John Feal, the 9/11 activist who lobbied Congress with the first responders, singled out Gillibrand for her passion and persistence on the bill. "The 9/11 community owes her a debt of gratitude," he said.
Gillibrand's Senate record
Here are bills Sen. Kirsten Gillibrand (D-N.Y.) sponsored and votes she made that Republicans say they likely will raise during the campaign:
UPSTATE WORKS ACT: Seeks to use grants, guaranteed loans and tax credits to create jobs in manufacturing of solar energy and similar technology, help farmers and fund job training.
The debate: Gillibrand says it's needed for job creation. Critics say it will cause more dependence on government and that slashing regulations would help more.
PROTECT IP ACT: Sought to preserve copyrights being stolen by foreign websites.
Status: Being rewritten.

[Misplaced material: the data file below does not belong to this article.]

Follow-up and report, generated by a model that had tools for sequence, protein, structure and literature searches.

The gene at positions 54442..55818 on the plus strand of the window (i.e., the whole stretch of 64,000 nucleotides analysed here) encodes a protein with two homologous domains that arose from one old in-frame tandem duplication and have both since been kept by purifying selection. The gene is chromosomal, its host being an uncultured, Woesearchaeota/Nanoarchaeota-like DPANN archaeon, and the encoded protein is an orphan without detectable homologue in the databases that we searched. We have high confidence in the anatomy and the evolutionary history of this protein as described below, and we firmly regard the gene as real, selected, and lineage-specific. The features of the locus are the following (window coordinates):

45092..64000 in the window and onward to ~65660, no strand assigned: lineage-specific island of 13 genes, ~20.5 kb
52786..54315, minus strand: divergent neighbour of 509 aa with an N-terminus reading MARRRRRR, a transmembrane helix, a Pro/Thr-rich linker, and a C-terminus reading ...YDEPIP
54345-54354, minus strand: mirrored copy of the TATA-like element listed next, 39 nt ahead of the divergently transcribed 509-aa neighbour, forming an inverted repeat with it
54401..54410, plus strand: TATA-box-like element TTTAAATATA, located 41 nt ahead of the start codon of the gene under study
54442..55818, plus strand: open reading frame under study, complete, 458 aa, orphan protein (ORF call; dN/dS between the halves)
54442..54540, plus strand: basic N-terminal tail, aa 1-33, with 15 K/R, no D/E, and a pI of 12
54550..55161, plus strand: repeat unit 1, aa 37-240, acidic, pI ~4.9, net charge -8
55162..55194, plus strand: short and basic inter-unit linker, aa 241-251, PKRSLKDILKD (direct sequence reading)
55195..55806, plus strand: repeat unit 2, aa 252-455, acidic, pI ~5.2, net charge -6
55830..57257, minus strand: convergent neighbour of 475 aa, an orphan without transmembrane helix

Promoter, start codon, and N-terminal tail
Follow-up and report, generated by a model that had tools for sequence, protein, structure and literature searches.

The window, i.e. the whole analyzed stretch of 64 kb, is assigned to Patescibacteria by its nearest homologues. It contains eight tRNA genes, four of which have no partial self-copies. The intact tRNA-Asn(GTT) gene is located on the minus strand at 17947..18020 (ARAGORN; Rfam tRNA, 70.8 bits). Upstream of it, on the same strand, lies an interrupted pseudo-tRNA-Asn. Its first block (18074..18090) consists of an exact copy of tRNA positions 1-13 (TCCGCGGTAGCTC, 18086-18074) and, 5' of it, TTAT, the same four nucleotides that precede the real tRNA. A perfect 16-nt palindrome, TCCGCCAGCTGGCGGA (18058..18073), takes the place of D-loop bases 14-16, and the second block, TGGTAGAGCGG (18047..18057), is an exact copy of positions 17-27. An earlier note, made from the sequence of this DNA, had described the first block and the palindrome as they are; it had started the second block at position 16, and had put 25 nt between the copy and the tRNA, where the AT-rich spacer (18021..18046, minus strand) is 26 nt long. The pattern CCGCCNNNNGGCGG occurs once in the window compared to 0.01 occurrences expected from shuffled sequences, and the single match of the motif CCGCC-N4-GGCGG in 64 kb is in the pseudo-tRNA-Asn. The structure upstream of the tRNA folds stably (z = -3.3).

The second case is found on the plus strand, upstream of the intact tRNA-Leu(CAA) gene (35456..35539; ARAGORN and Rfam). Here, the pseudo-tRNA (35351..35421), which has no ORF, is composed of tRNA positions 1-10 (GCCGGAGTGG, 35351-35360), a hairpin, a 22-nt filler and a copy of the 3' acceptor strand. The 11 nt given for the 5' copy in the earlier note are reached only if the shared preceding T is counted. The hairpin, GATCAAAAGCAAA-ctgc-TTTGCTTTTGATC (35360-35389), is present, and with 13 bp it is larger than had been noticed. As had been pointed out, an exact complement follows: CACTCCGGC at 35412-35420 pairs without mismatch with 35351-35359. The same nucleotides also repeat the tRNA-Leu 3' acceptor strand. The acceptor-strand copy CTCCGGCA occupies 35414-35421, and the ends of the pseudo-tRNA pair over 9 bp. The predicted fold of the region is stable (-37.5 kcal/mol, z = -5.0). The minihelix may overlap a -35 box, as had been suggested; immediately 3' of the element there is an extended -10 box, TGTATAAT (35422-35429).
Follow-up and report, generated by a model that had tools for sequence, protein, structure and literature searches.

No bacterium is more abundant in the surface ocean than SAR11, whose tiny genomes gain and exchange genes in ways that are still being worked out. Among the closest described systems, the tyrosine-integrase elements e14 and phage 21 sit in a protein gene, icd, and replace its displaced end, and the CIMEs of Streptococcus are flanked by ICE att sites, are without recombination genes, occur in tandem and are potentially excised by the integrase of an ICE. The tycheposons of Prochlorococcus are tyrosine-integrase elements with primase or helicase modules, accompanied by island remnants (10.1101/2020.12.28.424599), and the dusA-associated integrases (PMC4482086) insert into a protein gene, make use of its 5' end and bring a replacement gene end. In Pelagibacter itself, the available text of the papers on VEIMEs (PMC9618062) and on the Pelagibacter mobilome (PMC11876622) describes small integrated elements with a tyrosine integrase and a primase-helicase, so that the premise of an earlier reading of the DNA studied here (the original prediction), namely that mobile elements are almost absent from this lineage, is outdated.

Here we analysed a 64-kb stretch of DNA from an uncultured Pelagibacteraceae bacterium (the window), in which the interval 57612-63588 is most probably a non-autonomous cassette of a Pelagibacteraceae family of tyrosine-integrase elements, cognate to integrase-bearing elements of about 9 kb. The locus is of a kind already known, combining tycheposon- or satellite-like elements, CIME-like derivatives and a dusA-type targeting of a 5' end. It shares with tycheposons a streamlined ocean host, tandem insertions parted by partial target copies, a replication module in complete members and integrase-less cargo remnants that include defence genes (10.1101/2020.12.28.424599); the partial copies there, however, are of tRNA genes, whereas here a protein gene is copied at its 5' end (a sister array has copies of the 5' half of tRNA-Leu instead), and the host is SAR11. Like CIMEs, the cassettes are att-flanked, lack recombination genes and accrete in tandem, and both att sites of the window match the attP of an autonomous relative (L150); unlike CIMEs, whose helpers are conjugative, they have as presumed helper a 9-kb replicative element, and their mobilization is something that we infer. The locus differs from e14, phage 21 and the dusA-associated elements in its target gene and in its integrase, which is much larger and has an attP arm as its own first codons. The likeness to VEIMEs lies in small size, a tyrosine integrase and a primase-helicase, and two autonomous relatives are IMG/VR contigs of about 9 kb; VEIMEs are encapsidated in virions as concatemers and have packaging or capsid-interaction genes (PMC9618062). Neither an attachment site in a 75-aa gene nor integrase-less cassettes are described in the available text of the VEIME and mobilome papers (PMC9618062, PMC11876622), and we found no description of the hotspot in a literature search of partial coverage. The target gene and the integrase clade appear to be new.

The debate: Gillibrand says Internet piracy of American movies, music and books must be stopped because it's costing billions of dollars in lost revenues. Critics say the original measure would have curtailed free speech and entrepreneurship and hurt New York's tech community.
REPEAL OF "DON'T ASK DON'T TELL" POLICY that allowed gays to serve in the U.S. military as long as they kept their sexual orientation private
The debate: Gillibrand called it step for equality. Opponents noted the opposition of military brass who said the measure could cause it might be disruptive to troops.
AFFORDABLE CARE ACT
The debate: Gillibrand said President Barack Obama's health care overhaul would allow nearly everyone to get health care. Critics said it would kill jobs and raise costs.
DODD FRANK FINANCIAL REGULATION BILL
The debate: Gillibrand said the bill would help stave off financial disasters of that type that have rocked Wall Street. Critics say the law is driving jobs and investment overseas.
RAISING THE NATIONAL DEBT CEILING
The debate: Gillibrand said she wanted the ceiling raised but that automatic cuts in the deal would harm New York's military and medical institutions. Critics said the deal's failure would have harmed Medicare and Social Security recipients.
Compiled by Tom Brune